U.S. Rep. Rick Boucher, the gentleman leaves a legacyI'm inclined to give this person the benefit of the doubt and judge this editorial as a sloppy sop to an outgoing politician. But then I'm also inclined to think that whoever wrote this shit actually believes it. In which case it needs to be addressed.
As ugly as the campaign rhetoric became – on the airwaves, at the rallies and even on this Opinion Page – one might have understood if U.S. Rep. Rick Boucher had been more, well, silent in his defeat.
True to his character, though, he remained the consummate, scholarly gentleman: Beaming his signature broad-grinned, twinkly-eyed smile he ... [blah blah blah]
[H]is constituency voted for change. The reasons likely are as varied as the voters themselves – from anger over joblessness, a bad economy and growing national debt to fear over the cap-and-trade legislation and new health care laws.
Still, Boucher was good for Southwest Virginia. As we outlined in our endorsement for his re-election, he was able to bring progress to previously underserved regions of Southwest Virginia in terms of long-needed infrastructure – water and sewer projects and even the more modern broadband Internet service.
On election night, Boucher said he hoped his legacy of public service lives on, and lives on positively.
It could hardly be otherwise. [link]
Are we to measure Rick Boucher's "legacy" by the "progress" he brought to "previously underserved regions of Southwest Virginia"? Does the author really want to do that? Where, pray tell, is the most "underserved" region of the 9th Congressional District? Is it fair to say that it's the coalfields region of Dickenson, Lee, Russell, Scott, Tazewell, and Wise Counties? Are these the same counties that found their populations steadily declining throughout Boucher's time in office in Washington?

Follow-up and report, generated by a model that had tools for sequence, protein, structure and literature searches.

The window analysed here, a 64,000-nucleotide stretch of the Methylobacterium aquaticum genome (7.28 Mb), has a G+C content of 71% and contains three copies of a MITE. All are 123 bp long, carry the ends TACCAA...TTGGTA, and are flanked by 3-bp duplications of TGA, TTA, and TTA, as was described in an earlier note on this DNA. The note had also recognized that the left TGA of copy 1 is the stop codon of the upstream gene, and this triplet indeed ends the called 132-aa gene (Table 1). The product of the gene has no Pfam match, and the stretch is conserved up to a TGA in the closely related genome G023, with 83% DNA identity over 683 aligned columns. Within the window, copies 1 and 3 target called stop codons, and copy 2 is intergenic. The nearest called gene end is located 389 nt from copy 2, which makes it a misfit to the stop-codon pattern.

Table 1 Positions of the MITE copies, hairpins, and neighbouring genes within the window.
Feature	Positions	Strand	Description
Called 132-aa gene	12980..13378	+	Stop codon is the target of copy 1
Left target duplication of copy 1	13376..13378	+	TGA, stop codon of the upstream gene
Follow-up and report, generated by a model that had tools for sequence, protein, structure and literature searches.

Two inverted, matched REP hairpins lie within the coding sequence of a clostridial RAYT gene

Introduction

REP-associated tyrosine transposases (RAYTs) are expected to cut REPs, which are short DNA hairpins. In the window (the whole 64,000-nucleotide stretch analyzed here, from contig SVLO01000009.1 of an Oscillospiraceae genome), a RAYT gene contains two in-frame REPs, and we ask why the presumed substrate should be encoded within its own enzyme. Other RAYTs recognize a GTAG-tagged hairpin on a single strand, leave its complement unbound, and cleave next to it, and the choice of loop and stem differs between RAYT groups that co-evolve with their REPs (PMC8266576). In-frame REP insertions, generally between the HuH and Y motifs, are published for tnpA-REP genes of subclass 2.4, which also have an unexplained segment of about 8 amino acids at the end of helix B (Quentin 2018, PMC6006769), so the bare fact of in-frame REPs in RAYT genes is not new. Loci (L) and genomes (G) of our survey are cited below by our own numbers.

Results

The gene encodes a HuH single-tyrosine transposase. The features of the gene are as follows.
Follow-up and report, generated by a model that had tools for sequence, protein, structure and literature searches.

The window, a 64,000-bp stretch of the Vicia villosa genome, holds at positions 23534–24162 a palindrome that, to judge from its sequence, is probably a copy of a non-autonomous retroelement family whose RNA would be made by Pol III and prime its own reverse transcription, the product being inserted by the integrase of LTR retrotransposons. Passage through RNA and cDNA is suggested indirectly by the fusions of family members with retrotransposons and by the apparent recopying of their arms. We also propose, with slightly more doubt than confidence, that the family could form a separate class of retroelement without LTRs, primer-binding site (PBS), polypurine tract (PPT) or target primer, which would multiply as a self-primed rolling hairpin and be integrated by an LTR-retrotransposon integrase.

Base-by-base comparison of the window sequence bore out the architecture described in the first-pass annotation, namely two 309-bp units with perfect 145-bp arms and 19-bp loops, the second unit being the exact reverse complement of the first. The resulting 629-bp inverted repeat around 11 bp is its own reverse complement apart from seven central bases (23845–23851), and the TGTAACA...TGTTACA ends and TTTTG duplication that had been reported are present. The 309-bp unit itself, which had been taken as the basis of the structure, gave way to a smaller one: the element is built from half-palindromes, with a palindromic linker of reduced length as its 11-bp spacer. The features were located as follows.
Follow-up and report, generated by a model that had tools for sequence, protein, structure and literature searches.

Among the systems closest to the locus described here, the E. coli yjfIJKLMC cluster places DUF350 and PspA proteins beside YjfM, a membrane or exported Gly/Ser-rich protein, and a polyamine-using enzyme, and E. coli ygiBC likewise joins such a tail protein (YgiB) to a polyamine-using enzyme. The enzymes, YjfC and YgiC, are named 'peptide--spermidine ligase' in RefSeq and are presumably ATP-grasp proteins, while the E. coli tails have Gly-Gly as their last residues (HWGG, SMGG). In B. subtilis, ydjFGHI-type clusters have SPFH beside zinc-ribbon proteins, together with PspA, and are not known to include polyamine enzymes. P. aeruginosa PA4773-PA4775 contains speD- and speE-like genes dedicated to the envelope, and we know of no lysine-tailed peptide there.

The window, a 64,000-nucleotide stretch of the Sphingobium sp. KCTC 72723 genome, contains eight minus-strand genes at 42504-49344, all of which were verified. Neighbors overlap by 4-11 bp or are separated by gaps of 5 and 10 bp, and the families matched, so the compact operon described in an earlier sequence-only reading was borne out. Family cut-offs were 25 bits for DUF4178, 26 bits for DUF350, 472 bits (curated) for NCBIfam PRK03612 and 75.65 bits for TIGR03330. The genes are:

How do we measure progress? By the standard of living over there? A standard of living that has been in decline for two decades?
By the cohesion level in the family structure in an area where turmoil and breakup are rampant?
By the drug dependency level that continues to grow?
By the level of dependency on the federal government for a handout, the level of which continues to rise?
How about the simple poverty rate?
By the rate of suicide that continues to be heartrending?
Or, more analytically, by the fact that the per capita income level in Lee County is now one-fourth of that in Arlington County?
My guess is, the author looks past all that and remembers that Boucher brought a sewer system to a tiny part of Pulaski County. And that he moved Grundy out of the flood plain (at a cost of $200 million). And that he secured the federal funds to extend broadband and high speed telecommunications to parts of his district.
It wasn't enough, pal.
In the end, it did the district no good.
While Boucher was installing commodes in Pocahontas, Chilhowie was crumbling.
Here's where we reach the chasm that separates the editorialists in Bristol from thinking persons who can look around and see the reality that is Southwest Virginia. The author of this editorial sees some of the "gifts" that Rick Boucher secured for the area and is pleased. I see the dozens and dozens of major employers that have closed their doors - forever - taking thousands of excellent-paying jobs with them - and left the region.
If you are inclined to wait for the federal government to do something for you, you're probably appreciative of the job Rick Boucher - otherwise known as Santa Claus - did.
If you understand that our elected representative in Washington could have done so much more to improve the lives of every citizen of the 9th Congressional District by creating conditions such that those who employ people thrive, you rejoiced at Boucher's defeat.
A robust economy "raises all boats." Not just in Grundy, Or Damascus. But throughout the region. We all prosper when employers prosper.
Employers that packed their bags and left for China while Rick Boucher was handing out checks here and there in his District.
Rick Boucher's legacy can be found here: "Percent of total population in poverty."
It's worse today than it was the day he arrived in office last century.
Sing his praises if you will. Those who voted with their feet - and their U-haul trailers - offer a different melody.